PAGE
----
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What are Mammograms?

By: Jo Johnson - Updated: 8 Mar 2013 | comments*Discuss
 
Mammogram; Cancer; Screening; Diagnosis;

Many women will be advised at some point in their life to undergo a mammogram, this can strike fear in many women and cause unnecessary distress.

What is a Mammogram?

Essentially a mammogram is like taking a photo of the breast. Using x-ray technology a machine can take a series of images of your breasts allowing the professionals to see if there are any signs of cancer within the tissues. The power of the X-ray allows images of the deep tissues of the breast to be visualised.

As the breast tissue changes in structure in the presence of higher levels of oestrogen, those under the age of 35 will probably be advised to have an ultrasound performed instead of a mammogram.

Why do I Need a Mammogram?

A mammogram may be requested if you have found a lump in your breast and have informed your GP. This is an early screening process that is used for thousands of women and will determine if the lump if suspicious and if further testing of removal is required.Mammograms are used routinely as part of the screening and early detection programs for all women between the ages of 50 and 70.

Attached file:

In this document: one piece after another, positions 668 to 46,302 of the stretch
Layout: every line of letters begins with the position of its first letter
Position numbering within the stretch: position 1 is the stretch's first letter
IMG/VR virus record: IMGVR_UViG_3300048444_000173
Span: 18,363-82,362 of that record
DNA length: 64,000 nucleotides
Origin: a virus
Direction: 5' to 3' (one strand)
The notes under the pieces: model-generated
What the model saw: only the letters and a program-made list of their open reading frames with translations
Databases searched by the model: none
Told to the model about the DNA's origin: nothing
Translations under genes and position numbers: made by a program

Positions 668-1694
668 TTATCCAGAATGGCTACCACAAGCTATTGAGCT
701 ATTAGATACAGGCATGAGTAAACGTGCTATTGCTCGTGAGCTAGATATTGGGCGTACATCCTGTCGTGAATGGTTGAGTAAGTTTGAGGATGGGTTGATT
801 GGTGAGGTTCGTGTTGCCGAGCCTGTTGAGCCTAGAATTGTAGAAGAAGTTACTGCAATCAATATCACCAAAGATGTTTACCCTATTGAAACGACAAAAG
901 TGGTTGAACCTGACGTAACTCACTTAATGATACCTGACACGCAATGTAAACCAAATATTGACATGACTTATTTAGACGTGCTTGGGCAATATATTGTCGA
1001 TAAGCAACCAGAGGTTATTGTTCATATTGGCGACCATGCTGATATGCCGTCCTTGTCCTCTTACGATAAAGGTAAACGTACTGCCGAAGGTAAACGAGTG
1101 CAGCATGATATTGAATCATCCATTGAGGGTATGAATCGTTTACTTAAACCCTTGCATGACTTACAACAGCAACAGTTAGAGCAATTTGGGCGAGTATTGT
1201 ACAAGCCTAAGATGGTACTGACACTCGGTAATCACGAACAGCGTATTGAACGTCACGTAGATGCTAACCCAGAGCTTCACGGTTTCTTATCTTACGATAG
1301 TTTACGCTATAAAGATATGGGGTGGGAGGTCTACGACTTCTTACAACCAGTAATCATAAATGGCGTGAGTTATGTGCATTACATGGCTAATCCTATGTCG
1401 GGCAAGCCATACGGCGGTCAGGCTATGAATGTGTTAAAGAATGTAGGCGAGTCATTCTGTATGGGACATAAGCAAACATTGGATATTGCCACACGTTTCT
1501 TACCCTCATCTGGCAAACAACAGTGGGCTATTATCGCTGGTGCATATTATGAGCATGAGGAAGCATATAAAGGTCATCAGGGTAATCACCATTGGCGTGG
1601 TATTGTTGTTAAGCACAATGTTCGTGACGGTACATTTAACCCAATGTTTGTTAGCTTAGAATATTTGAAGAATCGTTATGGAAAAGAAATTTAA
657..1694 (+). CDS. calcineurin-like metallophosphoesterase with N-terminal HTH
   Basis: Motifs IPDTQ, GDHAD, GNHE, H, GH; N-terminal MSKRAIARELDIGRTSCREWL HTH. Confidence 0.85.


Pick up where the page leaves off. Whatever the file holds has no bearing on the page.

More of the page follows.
What To Expect

Most women are extremely nervous about having a mammogram performed not just because they are scared of the possibility of cancer being found, but because they must show their breasts to the members of the healthcare team.

These people are professional and see a vast amount of breasts of all shapes and sizes and will be more concerned about making you feel more comfortable and at ease than what sort of breasts you have.Where possible they will allow you to keep your breasts covered up but the actual mammogram requires the breasts to be naked.

The mammogram can be quite uncomfortable for some people as the breast tissue must be squeezed between two metal plates, one at the top and one at the bottom, in order to obtain a clear x-ray. This may involve the patient having to lean forward slightly or and alter her position until the perfect position is found. This will need to held for a few minutes while the image is obtained; the pressure from being squeezed is not harmful to breast tissue.

Recent research has shown that detection rates are higher if two images are obtained; one from the top aspect and one from the side aspects so it is recommended that women have the breast put between the plates on each side also. This may require the patient to need to raise her arms up out of the way.

It is important to tell the doctors if you think you may be pregnant or if you have any problems standing or changing position.The images are assessed by the doctor and the results will normally be discussed with you within 14 days.Very early breast cancers may not show up on the images, so it is important to attend all of the appointments that are sent to you.

Mammograms are very important in the breast screening stages. It can mean that cancer is detected early and treatment will be more successful. They are also useful for identifying the exact location of the tumour allowing for more accuracy during surgery if needed.

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